Inheritance and virtual functions
I am writing some graphic software and I've run into a problem that I cannot resolve. Neithor text nor online reference has provided me with a solution.
Say I have a class called Circle. This class has a member function called Draw(). Inside this function it makes a call to another virtual member function called Behave(). The reason I have it set up like this is so when I derive a class from Circle, say Circle2, I can add more functionality to Draw() by inserting code into Behave(), without actually redefining Draw().
Of course to call Behave() from Draw I have to write Circle::Behave();. The result is the original Behave() is called, and not the one redefined in Circle2, even though it is a virtual function.
Can anyone help me with this? I know this is not how virtual functions are designed to be used, but it could greatly help the effieciency of my code. I will admit that I am a bit new to C++ (and programming in general), so any help from the C++ gurus here will be greatly appreciated.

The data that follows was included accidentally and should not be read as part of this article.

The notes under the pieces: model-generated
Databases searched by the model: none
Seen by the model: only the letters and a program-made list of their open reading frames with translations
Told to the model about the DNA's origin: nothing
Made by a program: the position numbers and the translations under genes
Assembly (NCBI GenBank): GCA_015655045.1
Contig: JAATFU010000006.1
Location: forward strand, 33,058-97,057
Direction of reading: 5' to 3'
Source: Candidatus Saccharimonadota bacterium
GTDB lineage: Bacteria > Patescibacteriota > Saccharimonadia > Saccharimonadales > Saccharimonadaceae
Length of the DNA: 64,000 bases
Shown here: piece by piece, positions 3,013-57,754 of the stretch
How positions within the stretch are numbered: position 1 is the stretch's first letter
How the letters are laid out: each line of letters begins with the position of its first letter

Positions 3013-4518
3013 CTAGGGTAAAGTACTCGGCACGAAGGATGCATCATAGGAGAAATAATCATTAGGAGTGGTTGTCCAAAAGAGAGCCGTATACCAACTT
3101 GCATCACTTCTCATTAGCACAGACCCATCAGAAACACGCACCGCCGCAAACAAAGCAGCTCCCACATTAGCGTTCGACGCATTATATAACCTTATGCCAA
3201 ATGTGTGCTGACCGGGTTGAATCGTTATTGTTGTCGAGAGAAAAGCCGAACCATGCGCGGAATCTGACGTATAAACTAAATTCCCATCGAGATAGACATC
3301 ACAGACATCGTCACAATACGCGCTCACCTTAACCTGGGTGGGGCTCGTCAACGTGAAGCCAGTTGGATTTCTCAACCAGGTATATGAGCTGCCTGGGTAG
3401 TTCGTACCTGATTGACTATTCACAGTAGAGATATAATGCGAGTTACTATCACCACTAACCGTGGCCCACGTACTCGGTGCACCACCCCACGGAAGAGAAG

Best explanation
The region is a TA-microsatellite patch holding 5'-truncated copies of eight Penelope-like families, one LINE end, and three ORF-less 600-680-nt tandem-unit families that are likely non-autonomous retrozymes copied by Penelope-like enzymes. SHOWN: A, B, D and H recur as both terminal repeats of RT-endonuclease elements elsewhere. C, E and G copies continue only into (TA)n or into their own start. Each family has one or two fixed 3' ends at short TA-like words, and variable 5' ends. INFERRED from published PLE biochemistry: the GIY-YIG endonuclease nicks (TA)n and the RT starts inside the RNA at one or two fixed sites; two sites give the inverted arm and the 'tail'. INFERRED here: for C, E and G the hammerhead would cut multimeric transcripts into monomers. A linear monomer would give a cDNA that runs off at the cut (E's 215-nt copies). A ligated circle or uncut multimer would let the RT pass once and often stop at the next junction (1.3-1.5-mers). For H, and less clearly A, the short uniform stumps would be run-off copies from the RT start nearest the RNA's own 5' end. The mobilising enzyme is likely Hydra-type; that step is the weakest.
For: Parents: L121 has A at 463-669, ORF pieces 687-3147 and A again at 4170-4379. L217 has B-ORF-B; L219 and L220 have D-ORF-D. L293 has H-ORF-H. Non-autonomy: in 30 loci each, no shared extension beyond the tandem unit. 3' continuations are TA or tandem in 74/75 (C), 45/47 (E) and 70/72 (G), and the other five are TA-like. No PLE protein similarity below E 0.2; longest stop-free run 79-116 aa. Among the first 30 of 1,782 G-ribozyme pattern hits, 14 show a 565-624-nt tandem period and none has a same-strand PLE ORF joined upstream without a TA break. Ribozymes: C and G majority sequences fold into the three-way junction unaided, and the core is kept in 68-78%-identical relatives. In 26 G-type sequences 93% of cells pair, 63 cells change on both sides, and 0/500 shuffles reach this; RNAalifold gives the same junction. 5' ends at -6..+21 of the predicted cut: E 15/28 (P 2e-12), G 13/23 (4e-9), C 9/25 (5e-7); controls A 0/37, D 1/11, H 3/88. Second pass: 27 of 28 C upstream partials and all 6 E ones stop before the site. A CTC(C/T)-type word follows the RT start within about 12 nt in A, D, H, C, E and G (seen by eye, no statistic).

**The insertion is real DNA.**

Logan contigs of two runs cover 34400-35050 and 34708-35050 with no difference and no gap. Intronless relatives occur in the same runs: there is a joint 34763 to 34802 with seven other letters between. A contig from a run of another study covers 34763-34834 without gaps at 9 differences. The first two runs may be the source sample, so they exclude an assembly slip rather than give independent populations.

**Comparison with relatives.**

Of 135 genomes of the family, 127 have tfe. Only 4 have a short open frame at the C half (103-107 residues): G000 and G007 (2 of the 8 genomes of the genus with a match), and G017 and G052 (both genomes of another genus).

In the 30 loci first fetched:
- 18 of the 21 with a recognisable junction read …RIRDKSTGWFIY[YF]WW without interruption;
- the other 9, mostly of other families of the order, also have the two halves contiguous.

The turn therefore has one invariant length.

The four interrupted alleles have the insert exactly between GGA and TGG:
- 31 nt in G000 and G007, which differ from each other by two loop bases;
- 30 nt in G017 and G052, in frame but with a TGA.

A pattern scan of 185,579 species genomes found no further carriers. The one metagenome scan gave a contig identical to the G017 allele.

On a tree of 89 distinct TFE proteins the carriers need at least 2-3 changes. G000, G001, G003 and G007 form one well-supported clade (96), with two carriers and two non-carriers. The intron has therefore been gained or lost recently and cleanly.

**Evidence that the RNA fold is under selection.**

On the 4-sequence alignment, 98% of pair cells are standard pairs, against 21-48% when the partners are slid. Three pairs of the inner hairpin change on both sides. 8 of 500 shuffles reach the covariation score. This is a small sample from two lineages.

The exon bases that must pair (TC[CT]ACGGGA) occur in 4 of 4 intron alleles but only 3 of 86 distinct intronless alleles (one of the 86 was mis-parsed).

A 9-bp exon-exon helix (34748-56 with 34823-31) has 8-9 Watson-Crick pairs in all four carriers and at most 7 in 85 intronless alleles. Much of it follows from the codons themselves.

Re: Inheritance and virtual functions
No you don't. That will force static binding (so it will always call the Cirvle version). Just write
Originally posted by Cryptomega
Of course to call Behave() from Draw I have to write Circle::Behave();
Also, if you aren't going to be redefining Draw (IE if you're just going to be redefining Behave), then the draw function does not have to be made virtual.